In the current trend of brutally honest and undoubtedly Australian artists, Adelaide quartet BAD//DREEMS have surely nestled themselves firmly in the hearts of their country compadres. Their firm airplay on the trend-setting airwaves of Triple J has already built a wealth of anticipation for more of the raw lyrics, maniacal guitar and all round sing-along thrashings.
And Dogs At Bay gives all this and more.
From the opening words of initial brooding track New Boys, the Johnny Rotton-esque quality of lead vocalist Ben Mawre’s rasp means you’d be forgiven for forgetting exactly where you are. But then comes that instantly recognisable Aussie twang in radio favourite Cuffed and Collared, catchy chorus and explosive punkish instrumental in tow.
Whether you feel the urge to chuckle or roll your eyes at the title of the third track, leave all pre-judgements aside. Bogan Pride is a raw and blatant look into the psyche and sexual orientation from the perspective of a young, pill-popping Australian male. The desperation dripping from the guitar, the off-centre vocal performance – this song brings a still fairly taboo subject to life perfectly.
Forth track My Only Friend holds a sound that feels privy to indie-rock vibes with a punk sensibility, and Hiding To Nothing holds a steady bluesy vibe with the glamorous lyrics “Stand there with your cock in your hand/piss your days on the wall/We had it all”.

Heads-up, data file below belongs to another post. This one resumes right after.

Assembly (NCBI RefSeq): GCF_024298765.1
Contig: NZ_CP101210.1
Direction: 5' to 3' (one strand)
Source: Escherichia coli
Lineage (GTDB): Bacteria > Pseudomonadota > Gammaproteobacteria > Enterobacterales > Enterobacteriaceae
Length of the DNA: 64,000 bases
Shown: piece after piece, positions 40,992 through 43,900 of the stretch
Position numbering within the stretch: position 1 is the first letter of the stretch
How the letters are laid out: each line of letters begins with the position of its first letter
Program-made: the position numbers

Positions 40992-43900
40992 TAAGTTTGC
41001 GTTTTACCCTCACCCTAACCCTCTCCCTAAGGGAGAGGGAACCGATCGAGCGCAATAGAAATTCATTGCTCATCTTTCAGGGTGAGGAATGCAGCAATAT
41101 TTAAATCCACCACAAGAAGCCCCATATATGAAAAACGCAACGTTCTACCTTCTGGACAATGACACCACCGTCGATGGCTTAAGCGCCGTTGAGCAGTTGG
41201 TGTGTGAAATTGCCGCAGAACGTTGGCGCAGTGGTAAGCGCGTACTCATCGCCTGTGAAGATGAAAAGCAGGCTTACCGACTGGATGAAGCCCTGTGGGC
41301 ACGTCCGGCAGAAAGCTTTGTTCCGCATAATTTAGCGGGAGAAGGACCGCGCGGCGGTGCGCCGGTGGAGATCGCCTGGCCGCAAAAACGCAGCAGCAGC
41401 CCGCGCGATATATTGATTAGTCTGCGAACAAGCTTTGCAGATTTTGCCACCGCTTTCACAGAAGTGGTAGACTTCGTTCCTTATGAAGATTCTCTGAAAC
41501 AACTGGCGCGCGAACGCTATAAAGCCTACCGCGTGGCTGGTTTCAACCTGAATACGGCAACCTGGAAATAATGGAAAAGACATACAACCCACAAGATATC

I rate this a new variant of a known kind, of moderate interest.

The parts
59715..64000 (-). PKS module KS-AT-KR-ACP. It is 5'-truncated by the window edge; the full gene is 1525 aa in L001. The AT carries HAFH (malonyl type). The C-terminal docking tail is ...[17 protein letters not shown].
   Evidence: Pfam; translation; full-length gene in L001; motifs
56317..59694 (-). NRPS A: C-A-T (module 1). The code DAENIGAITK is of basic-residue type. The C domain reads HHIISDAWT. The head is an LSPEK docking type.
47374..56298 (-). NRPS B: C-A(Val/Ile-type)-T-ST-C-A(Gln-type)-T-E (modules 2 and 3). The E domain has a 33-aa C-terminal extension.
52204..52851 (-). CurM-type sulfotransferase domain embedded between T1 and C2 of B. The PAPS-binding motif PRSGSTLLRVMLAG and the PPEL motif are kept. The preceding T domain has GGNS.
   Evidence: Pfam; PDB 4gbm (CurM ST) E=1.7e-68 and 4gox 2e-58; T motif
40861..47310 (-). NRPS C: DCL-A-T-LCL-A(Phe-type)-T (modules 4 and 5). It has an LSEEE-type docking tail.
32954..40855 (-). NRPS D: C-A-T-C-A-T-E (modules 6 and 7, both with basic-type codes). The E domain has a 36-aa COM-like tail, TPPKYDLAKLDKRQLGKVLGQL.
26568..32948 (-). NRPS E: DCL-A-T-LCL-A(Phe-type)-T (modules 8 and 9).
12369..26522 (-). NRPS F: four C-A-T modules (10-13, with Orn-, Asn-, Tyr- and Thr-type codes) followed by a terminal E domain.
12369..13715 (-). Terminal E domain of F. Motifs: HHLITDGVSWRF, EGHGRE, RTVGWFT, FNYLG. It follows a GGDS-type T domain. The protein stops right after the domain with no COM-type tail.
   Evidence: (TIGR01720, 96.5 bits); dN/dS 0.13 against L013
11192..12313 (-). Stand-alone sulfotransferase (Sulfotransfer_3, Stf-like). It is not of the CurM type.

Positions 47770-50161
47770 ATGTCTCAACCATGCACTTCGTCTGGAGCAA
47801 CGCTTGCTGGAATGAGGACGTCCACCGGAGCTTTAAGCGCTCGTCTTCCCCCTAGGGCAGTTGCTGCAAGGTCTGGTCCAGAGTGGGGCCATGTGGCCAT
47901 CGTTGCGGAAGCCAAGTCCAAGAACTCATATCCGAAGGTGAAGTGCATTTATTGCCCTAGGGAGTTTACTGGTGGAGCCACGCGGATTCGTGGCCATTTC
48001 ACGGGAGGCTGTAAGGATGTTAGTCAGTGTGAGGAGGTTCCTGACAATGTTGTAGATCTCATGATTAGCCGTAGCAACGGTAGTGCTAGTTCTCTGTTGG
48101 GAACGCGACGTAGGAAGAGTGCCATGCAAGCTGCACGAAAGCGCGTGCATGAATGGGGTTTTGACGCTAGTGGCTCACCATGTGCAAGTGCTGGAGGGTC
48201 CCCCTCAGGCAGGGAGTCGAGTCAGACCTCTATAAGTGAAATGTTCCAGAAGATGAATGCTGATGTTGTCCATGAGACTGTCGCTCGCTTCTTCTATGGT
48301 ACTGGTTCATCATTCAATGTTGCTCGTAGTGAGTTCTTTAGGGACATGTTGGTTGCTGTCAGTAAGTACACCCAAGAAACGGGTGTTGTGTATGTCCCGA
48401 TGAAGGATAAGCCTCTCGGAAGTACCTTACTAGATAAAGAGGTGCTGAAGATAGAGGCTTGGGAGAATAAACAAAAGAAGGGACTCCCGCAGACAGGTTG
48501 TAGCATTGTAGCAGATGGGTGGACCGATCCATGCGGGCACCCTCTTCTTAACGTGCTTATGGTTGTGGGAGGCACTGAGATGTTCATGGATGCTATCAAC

Naden’s driving bass line is the only thing that carries us through a combination of genuine spoken and sung lyrics. Seventh track Hume is an ode to the Hume Highway, with a pleasant acoustic guitar twang and slight psychedelic electric guitar. Radio favourite and bonafide anthem Dumb Ideas sits boldly and proud while ninth track Ghost Gums is a lighter venture that feels reminiscent of a dreamy guitar line likely to be found within The Cure’s back catalogue.
Paradise is a rock ‘n’ roll ode to a suburb of their hometown, and eleventh track Blood In My Eyes is a gentle emotion-filled track with a glacial strum. Leaving us with album closer Sacred Ground, another great combination of narration and sing-alongs that gives you the ghost feeling of the sun on your skin.
Throughout the 12 tracks on this album, stories and anecdotes from a mostly typical Australian upbringing are rife. But it’s a welcome slice through the heavy imports that are shoved down our ears daily.
Watch: BAD//DREEMS – Dumb Ideas